Giant Steps—Serving the Needs of Families and Children with Autism

September 2015 View more

Bridget O’Connor, President and CEO

Bridget O’Connor, President and CEO

For some of us, love at first sight isn’t about another person, it’s about a place. Or, in the case of Bridget O’Connor, it’s about Giant Steps in Lisle and the children with autism and their families her organization serves. “I fell in love with the students on my very first visit,” O’Connor recalls. “They have an amazing way of stealing your heart and after 15 years, they still haven’t given it back. Once I came to work here, I saw the limitless potential not only of the students but the organization and I was hooked,” said O’Connor. And in those 15 years, she has seen it evolve and grow.

O’Connor, who is president and CEO of this nonprofit, oversees its therapeutic day school and the myriad of services provided by more than 250 employees and volunteers to enrich the lives of families and their children diagnosed with autism spectrum disorder.

Active Learning

To the first-time visitor, the level of activity filling the 72,800 square foot building might seem surprising. Through the use of indoor swings, roller skates, wagons, bikes, scooters, or therapeutic colorful toys, these active students are better able to learn. In addition to the day school, Giant Steps’ Autism Training Center provides training and personalized counseling for the families touched by autism, as well as numerous therapies, creative recreational programs to compliment their education curriculum, and indispensable life-skills training.

“More than anything, the spirit at Giant Steps is essentially about addressing the individual person and helping them flourish in every aspect of their life. These kids are so amazing,” said O’Connor. “Most are significantly challenged, but people can forget they have normal kid traits such as humor, the need to belong, and the need for self-esteem. More than the academic, it is the social piece I want to make easier and Giant Steps is the perfect place to melt together what those with ASD need,” said O’Connor.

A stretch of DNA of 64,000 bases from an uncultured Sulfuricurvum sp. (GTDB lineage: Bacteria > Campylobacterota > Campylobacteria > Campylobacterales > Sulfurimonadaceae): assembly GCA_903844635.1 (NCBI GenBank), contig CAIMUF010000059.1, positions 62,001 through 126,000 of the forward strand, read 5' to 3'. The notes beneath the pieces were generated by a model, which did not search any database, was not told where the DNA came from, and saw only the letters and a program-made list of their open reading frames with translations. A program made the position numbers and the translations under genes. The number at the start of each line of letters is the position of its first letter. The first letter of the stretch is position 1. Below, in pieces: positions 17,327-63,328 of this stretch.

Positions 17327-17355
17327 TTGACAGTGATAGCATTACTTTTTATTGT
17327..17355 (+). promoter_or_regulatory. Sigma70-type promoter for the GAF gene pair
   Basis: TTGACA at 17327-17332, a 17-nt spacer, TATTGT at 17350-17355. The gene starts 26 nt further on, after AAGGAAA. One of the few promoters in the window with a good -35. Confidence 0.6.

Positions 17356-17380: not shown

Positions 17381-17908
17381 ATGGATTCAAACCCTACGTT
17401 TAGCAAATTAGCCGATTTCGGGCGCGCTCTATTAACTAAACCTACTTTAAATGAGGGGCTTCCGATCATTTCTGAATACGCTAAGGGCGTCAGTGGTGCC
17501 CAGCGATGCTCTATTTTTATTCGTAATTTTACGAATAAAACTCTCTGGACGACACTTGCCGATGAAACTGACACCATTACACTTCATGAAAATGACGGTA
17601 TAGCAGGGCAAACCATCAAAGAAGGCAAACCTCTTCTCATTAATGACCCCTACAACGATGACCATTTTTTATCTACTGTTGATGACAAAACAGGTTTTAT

Far-Reaching Benefits

From her glass-walled office, O’Connor sees the impact her staff and students have on one another everyday. One student’s story in particular was life-changing for O’Connor. She vividly recalls the day she received a call from a boy’s struggling single mother.
“I could hear in her voice she had nothing left. Her son was significantly impaired and she was just trying to survive. One day, she finally called the police and DCFS, and I was speechless. How did it get so bad?” said O’Connor.

Thankfully, the story has a happy ending. The father, previously estranged, took responsibility to care for his son but needed help. For weeks, a team of teachers and therapists stayed each night after work to teach him how to care for his son. “It was intensive training to train a father to keep his son,” O’Connor says. “It was a coming together of our community and the father and the mother who took two years to rejuvenate enough to come back into his life. I see him everyday, now. What 250 employees do everyday never ceases to amaze me.”

Giant Steps, made possible through the generous help of donations and volunteers, will be hosting a walk at Rich Harvest Farms in October. This family-friendly event will be an opportunity to learn more about their work and to raise support for a new visionary project, CANOPY, a respite care, job-training and residential community for adults on the spectrum.

“Making a difference is one of the best things Giant Steps ever gave me,” O’Connor admits. “I look at others who can’t wait to retire and I think how fortunate I am in that respect. I love coming to work.”

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Photo by Robyn Sheldon